20:1 After the disturbance had ended, Paul sent for the disciples, and after encouraging 1 them and saying farewell, 2 he left to go to Macedonia. 3 20:2 After he had gone through those regions 4 and spoken many words of encouragement 5 to the believers there, 6 he came to Greece, 7 20:3 where he stayed 8 for three months. Because the Jews had made 9 a plot 10 against him as he was intending 11 to sail 12 for Syria, he decided 13 to return through Macedonia. 14
1 tn Or “exhorting.”
2 tn Or “and taking leave of them.”
3 sn Macedonia was the Roman province of Macedonia in Greece.
4 tn BDAG 633 s.v. μέρος 1.b.γ gives the meanings “the parts (of a geographical area), region, district,” but the use of “district” in this context probably implies too much specificity.
5 tn Grk “and encouraging them with many words.” The participle παρακαλέσας (parakalesa", “encouraging”) has been translated by the phrase “spoken…words of encouragement” because the formal equivalent is awkward in contemporary English.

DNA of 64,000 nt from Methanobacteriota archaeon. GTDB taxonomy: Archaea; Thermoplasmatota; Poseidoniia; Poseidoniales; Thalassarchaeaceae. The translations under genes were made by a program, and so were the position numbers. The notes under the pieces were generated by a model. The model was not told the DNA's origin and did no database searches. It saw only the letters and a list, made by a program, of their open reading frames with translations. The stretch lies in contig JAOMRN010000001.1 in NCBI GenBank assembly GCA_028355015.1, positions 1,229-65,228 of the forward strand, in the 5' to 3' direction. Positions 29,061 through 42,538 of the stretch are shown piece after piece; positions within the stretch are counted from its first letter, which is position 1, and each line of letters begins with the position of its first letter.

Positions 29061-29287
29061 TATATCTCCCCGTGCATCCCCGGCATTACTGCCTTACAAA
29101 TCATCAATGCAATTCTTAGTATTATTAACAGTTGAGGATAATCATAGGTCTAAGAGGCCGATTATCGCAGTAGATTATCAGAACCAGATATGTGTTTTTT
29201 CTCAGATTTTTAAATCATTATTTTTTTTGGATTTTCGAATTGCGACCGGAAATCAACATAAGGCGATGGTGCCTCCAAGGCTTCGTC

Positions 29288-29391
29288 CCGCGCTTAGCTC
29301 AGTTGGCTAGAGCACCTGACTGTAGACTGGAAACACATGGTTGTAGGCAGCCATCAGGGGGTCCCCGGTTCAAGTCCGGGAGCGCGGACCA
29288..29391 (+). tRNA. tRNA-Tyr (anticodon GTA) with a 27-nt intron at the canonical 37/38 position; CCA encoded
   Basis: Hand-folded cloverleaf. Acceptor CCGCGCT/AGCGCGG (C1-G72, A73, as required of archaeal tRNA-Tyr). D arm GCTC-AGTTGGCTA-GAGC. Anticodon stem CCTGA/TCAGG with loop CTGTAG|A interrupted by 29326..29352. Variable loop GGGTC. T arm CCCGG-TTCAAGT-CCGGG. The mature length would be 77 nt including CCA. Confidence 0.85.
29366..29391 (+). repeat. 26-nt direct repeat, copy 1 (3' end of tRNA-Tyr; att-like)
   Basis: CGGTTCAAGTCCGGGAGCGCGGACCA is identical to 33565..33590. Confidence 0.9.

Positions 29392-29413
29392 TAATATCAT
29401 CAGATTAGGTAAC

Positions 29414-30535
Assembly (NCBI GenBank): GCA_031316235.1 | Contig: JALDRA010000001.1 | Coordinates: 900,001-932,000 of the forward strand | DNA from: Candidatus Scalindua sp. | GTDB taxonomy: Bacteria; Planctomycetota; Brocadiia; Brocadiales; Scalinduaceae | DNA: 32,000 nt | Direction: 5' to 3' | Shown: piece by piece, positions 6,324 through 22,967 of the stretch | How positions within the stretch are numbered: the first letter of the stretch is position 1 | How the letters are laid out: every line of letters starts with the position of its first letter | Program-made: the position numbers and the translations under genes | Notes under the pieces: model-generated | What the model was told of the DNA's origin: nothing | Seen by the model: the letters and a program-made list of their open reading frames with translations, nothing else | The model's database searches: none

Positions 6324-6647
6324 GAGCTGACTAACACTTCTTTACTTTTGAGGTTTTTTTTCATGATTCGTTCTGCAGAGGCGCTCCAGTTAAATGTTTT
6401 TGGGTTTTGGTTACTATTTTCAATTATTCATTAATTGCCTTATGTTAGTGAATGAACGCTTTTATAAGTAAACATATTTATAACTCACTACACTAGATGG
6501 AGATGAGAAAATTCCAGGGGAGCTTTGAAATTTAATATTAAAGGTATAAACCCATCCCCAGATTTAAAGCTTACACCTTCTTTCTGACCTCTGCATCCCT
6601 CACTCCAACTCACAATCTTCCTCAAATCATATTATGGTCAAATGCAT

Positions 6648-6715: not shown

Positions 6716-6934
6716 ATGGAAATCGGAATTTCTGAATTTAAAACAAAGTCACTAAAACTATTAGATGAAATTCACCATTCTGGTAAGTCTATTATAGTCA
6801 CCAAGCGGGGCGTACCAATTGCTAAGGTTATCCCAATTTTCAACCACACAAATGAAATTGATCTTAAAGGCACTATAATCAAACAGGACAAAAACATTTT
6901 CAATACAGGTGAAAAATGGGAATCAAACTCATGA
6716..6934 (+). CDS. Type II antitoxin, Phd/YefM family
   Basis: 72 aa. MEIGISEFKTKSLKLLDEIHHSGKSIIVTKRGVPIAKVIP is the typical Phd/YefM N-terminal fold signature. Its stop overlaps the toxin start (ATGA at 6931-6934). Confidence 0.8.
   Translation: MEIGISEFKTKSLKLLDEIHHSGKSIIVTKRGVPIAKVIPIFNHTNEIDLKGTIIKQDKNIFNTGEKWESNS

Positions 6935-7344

6 tn Grk “[to] them”; the referent (the believers there) has been specified in the translation for clarity.
7 tn In popular usage the term translated “Greece” here could also refer to the Roman province officially known as Achaia (BDAG 318 s.v. ῾Ελλάς).
8 tn BDAG 841 s.v. ποιέω 5.c, “w. an acc. of time spend, stay.”
9 tn The participle βενομένης (benomenh") has been translated as a causal adverbial participle. L&N 30.71 has “ἐπιβουλῆς αὐτῷ ὑπὸ τῶν ᾿Ιουδαίων ‘because the Jews had made a plot against him’ Ac 20:3.”
12 tn BDAG 62 s.v. ἀνάγω 4 gives “put out to sea” here (as a nautical technical term). However, since the English expression “put out to sea” could be understood to mean Paul was already aboard the ship (which is not clear from the context), the simpler expression “sail” is used at this point in the translation.
14 sn Macedonia was the Roman province of Macedonia in Greece.